Color of Skin

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When Sadia asked about the first time my skin color became an issue, I immediately remembered my experiences with racism in Germany and the poem that I wrote to process them. When I left Kenya for Germany in the mid 90s, I thought racism was only a feature of post-apartheid South Africa. Because so many people from all over the world had fought for Mandela’s release from prison, I had no reason to expect that anyone outside South Africa would judge me solely on the basis of my skin color.

Sometimes, like today, I find it hard to write about racism. What concerns me most is that it still persists after decades of people speaking out against it. Wole Soyinka, one of my favorite authors, wrote the poem Telephone Conversation about a racist experience he had in Leeds, England in 1962. I find his poem quite humorous, whereas mine is indignant. I stumbled across his poem after I’d published mine, Color of Skin. My racist experiences in Germany began 2 weeks after I arrived and continued intermittently until the day before I left Germany a few years later.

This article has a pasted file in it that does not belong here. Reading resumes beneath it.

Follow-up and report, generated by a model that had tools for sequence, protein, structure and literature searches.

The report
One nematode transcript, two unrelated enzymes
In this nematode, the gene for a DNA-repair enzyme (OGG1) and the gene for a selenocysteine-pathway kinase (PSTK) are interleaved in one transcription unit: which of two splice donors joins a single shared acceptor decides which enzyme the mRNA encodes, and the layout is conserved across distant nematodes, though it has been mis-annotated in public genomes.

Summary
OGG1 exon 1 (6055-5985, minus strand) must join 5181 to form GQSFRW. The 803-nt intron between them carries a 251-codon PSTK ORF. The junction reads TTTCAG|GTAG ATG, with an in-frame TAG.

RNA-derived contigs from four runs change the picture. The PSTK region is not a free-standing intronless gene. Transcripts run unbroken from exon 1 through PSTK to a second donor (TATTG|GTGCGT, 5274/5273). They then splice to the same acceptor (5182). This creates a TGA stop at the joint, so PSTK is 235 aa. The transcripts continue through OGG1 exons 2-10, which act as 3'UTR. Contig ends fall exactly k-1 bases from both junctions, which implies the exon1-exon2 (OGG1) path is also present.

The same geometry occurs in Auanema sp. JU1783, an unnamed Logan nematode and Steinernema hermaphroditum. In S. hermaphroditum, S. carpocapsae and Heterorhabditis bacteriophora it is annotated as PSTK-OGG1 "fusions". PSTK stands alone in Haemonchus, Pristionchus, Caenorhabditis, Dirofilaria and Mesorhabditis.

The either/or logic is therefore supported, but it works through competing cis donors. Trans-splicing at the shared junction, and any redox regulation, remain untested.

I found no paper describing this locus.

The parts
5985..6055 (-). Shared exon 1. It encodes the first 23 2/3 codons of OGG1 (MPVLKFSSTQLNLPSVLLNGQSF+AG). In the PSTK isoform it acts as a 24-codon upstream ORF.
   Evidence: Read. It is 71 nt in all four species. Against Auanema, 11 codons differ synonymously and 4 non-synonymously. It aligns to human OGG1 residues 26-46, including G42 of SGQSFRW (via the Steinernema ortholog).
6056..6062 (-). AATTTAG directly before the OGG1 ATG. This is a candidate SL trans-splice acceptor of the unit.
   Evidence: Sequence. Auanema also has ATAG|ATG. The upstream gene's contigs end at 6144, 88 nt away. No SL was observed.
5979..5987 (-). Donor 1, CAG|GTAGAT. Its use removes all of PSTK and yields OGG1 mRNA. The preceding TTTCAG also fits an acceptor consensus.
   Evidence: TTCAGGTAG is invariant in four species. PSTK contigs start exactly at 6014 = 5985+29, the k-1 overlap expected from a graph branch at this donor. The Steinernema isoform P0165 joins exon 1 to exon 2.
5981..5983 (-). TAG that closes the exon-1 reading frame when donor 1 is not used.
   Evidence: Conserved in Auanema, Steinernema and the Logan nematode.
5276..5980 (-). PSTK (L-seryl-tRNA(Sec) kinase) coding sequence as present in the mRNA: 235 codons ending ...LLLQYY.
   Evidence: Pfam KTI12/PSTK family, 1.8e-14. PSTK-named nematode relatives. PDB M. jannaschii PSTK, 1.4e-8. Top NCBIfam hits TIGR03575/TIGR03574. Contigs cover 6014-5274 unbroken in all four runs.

The experience that broke the proverbial camel’s back was when a German student I’d just met voiced her deeply flawed assumption that because I was black, there was no way I could make the grade required to get into a certain major. What she didn’t know was that I had already been accepted to the major. In her mind, black=dumb. Most of my African friends in German universities had similar experiences, some even with their professors!

Color of Skin

What do I here?
Why came I here?
To this unbearably unfriendly land?
Innumerable times
In a mere year
The issue has been raised
About my color of skin.
When never before
In two decades of life
Had I ever cause to think of it.

What is the skin
But a mere encasing
Of the person that lives within?
What does color of skin